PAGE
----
Daily catch-up: the feeble-mindedness of ‘predict and provide’ in air travel

The Heathrow decision, the Labour leadership contest and the decimal separator

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The Independent Online

1. I haven’t read Howard Davies’s report on airport capacity in the south east of England yet, but it confirms what I already think.

And what I already think is that we don’t need more airport capacity in the south east of England, or indeed anywhere else. We fly too much as it is (real-time tracker, above), and aviation is one fast-growing source of greenhouse gases. The simplest way to curtail that growth is not to build more runways and to rely on market forces to allocate existing runway space most efficiently.

Davies seems to make the case that a third runway at Heathrow would stimulate economic growth. This is the old “predict and provide” fallacy: no one knows whether tax-favoured air travel (kerosene for international flights is untaxed because governments could never agree to tax it) would be a better way of encouraging growth in future than, for example, investing in computing skills.

All we know is that Heathrow is full and landing spaces are expensive. That doesn’t mean that expanding capacity is the best use of resources. And even if it did, Heathrow is the worst place to put it, because 30 per cent of all the people in the European Union who are affected by aircraft noise live around Heathrow.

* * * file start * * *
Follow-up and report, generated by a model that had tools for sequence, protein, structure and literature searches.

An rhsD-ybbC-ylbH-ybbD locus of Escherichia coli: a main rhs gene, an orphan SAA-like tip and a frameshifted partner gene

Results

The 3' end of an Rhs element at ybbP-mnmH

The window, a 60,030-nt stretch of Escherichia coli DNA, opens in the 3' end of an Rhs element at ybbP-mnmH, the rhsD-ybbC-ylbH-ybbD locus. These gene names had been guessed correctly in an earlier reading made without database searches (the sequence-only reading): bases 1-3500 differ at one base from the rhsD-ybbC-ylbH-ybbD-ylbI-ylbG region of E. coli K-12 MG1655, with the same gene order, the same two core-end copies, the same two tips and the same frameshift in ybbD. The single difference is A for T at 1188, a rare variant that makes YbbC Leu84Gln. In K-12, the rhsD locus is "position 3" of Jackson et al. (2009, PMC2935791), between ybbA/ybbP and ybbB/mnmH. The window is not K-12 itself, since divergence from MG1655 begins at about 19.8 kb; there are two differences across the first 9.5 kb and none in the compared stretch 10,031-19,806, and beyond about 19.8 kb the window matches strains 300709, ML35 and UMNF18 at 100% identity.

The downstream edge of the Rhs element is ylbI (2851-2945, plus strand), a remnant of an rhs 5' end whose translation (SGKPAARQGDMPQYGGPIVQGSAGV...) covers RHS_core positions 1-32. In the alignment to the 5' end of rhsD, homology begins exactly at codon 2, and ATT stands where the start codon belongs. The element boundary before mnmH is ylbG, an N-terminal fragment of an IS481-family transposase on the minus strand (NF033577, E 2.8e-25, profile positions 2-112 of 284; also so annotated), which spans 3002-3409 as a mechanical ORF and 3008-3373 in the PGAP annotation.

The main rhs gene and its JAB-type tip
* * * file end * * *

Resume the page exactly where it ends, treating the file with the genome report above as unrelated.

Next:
I still think, as I did seven and three years ago, that Heathrow expansion is never going to happen.

2. This is an excellent guide to the Greek crisis, by Anil Kashyap of the University of Chicago.

3. Liz Kendall’s speech on the economy at Reuters yesterday is here. It is worth reading, not least for its invocation of Ramsay MacDonald, Philip Snowden and Harold Wilson as the heroes of the Labour tradition of fiscal responsibility.

“When people say that fiscal responsibility is a Tory idea they are wrong. Worse, they are playing into our opponents’ hands.

“Sound public finances are not an alternative to Labour values: they are Labour values. And they are the country’s values too. Remembering this is the first step we take in winning back the trust of the British people.

“Balancing the books is not just about how much you spend, it’s also about how much you earn. That’s why we need economic reform alongside fiscal responsibility, so that living standards can rise and everyone can share in the country’s future success.”

4. This is also good from Progress: “Any sense that the new leader did not hear the message of the voters risks hardening the attitude of Tory switchers.”

5. Map of the Day, created by Shibo77, via Tim Bale. Places that use a dot to mark decimal places in blue, a comma in green:

dot.jpg

 

This includes the momayyez (red), like a forward slash, used in Arabic, but not the mid-dot or interpunct, a dot in the middle of the line that I used as a child and that The Daily Telegraph used until  some time between 2005 and 2010 (thanks Rich Greenhill).

6. And finally, thanks to Moose Allain for this:

“The moon landings are at the top of the moon stairs.”

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